Although a variety of ministry activities spring to mind upon hearing the words “disaster relief” or “collegiate ministries,” a singular fidelity to sharing the gospel emanates from the core of two Baptist entities responsible for those particular mission fields in South Carolina.
More than a humanitarian agency that assists victims of floods, storms and tornadoes, South Carolina Disaster Relief zeroes in on the spiritual and emotional needs of disaster victims. Likewise, in seeking to be not just a church away from home for college students, Baptist Collegiate Ministry takes the gospel to spiritually hungry young adults who are ripe for the hearing.
Ken Owens says that at any given moment, one in every 20 people living in South Carolina is studying on a college campus.
“What a critical and strategic group that 5 percent represents,” said Owens, director of Baptist Collegiate Ministry for the South Carolina Baptist Convention. “It’s a group filled with sharp minds and boundless capabilities, but many of them are searching for meaning and truth.”
“The spiritual need on today’s campus is great, but so also are the opportunities and possibilities of what God can do as we seek to saturate and transform every life on campus with the hope of the gospel.”
During the most recent school year, BCM’s evangelistic outreach resulted in 406 South Carolina college students becoming followers of Jesus. Also, in 2017, more than 600 BCM students served in short-term summer or semester mission causes in the state and around the world, sharing the gospel with nearly 11,000 people, leading to 1,104 professions of faith.
In addition to its own mission work, BCM provides “critical support and avenues” for campus-focused churches to have missional and evangelistic connections “to reach even more students with the gospel,” said Owens.
In quoting the late Bill Bright, founder of Campus Crusade for Christ, Owens said, “If we can win the university today, we will win the world tomorrow.”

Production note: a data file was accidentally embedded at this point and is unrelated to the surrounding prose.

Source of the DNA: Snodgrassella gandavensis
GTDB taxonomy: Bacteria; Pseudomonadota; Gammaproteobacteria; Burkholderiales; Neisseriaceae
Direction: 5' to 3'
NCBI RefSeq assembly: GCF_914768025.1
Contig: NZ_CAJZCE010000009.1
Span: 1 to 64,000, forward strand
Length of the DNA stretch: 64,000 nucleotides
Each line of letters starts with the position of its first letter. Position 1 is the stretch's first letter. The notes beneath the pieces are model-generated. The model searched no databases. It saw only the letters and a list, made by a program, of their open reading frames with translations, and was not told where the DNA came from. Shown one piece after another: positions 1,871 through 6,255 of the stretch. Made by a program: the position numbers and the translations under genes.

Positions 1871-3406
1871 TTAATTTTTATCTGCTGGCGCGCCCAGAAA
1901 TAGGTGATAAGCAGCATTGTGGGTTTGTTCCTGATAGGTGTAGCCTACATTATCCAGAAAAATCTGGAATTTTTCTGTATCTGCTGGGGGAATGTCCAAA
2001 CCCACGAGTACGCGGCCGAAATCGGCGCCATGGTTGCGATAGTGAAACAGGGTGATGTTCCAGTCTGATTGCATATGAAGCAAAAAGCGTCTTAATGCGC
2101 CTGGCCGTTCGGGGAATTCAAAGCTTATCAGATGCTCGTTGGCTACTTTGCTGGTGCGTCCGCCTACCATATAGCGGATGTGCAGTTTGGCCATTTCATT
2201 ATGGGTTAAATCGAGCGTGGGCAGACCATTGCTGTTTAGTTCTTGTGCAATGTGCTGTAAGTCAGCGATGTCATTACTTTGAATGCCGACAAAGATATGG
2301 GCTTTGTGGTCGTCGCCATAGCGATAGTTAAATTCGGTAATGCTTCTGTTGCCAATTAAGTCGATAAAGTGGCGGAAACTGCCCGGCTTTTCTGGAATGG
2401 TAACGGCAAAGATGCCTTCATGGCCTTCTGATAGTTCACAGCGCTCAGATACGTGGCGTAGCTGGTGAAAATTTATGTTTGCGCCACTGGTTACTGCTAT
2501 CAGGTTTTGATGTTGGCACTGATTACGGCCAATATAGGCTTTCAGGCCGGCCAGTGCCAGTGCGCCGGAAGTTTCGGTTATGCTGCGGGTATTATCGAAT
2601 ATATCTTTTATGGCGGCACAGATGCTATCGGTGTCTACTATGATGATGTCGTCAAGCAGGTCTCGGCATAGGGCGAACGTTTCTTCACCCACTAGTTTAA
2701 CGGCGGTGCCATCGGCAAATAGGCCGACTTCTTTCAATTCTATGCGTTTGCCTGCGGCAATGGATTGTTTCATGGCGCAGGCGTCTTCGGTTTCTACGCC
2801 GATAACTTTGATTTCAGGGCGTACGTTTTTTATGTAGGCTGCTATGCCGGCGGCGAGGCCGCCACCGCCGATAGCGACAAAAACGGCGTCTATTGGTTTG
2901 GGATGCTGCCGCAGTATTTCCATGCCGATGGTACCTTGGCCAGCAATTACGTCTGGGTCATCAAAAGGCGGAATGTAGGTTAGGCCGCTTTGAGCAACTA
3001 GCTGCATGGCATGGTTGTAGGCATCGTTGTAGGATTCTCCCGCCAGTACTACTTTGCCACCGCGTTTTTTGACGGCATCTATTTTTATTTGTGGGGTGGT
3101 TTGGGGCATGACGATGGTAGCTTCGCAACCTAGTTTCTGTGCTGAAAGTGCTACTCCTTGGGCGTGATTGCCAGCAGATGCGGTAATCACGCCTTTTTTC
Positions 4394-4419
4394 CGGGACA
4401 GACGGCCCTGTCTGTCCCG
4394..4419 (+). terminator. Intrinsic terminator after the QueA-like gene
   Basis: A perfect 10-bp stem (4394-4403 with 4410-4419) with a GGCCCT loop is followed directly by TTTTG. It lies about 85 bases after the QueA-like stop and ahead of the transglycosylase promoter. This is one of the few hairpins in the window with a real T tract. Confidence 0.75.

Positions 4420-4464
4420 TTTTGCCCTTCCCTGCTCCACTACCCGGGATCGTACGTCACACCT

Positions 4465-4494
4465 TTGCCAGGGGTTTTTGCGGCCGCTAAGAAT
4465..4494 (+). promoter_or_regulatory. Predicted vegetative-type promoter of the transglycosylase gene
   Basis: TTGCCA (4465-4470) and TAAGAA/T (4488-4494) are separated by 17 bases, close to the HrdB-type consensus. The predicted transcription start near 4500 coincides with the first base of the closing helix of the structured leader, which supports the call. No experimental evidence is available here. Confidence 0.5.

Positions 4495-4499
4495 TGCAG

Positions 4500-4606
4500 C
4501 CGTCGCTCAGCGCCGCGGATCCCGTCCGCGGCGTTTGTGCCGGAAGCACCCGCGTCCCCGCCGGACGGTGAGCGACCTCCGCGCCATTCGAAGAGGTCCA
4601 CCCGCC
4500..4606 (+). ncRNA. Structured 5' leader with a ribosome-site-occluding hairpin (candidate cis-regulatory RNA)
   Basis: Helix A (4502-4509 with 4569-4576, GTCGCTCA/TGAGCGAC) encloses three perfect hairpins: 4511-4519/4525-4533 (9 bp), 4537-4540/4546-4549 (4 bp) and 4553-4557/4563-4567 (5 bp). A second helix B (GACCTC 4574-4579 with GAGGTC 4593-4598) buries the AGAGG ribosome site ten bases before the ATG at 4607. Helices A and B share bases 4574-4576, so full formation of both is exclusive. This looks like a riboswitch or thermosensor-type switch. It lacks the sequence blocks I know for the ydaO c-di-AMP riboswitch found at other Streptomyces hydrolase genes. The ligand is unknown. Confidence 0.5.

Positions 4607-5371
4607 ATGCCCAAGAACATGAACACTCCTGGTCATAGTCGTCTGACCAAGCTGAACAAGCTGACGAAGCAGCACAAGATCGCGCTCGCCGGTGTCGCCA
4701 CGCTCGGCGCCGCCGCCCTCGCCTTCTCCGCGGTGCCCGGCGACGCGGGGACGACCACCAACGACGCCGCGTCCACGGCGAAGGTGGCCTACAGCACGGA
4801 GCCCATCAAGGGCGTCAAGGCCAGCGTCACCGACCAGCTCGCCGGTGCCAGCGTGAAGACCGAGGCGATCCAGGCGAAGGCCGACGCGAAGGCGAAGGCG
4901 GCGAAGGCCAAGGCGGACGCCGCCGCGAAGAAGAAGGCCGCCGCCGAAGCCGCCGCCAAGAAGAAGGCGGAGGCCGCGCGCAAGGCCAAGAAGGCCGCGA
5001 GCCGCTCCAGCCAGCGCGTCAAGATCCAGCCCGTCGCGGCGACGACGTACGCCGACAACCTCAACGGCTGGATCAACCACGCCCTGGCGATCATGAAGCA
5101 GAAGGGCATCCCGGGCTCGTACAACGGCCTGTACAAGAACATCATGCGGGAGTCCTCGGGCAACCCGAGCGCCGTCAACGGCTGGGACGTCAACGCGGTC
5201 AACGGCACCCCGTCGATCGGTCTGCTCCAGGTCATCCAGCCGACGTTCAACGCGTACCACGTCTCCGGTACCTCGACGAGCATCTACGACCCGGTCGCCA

“Evangelistic efforts on college campuses may be the most strategic and critical ministry in which churches can engage,” he said. “Without question, students who find the hope of the gospel today will be leaders and shapers of tomorrow’s church and culture.”
Last year, more than 500 South Carolina Disaster Relief volunteers mobilized to help respond to Hurricane Matthew. Also, following localized storms and a tornado, volunteers manned 867 chainsaw jobs, prepared 113,405 meals and helped complete 126 flood-recovery projects.
But those numbers only tell part of the story. SCDR volunteers also made 2,976 chaplaincy/ministry contacts and recorded 12 professions of faith.
“Our focus is on both the physical need as well as the spiritual and emotional need of those we are serving,” said Randy Creamer, director of South Carolina Disaster Relief. “If we do not offer the hope we have in Christ, we are no different than any other secular organization that’s just trying to do good things.”
Creamer said SCDR volunteers are cautious not to take advantage of the vulnerable or to proselytize. “It’s a balance wherein we depend on the Holy Spirit’s leadership,” he said.
Over the last several weeks, several South Carolina volunteers have traveled to Connecticut to assist in recovery efforts after spring tornadoes. “This response has proven to be some of the most fertile spiritual soil our volunteers have ever seen,” said Creamer. “Our teams have contributed to bringing help, hope and healing into that part of New England.”
“Being a witness is not just a leader thing or special assignment for chaplains — it is for every believer,” Creamer said.
He said catastrophic events often awaken people to the knowledge that material possessions and self-interest “leave us quite empty and prompt us to think beyond our own little worlds.”
“Disaster relief is simply a bridge into people’s lives,” he said. “We enter only when invited.”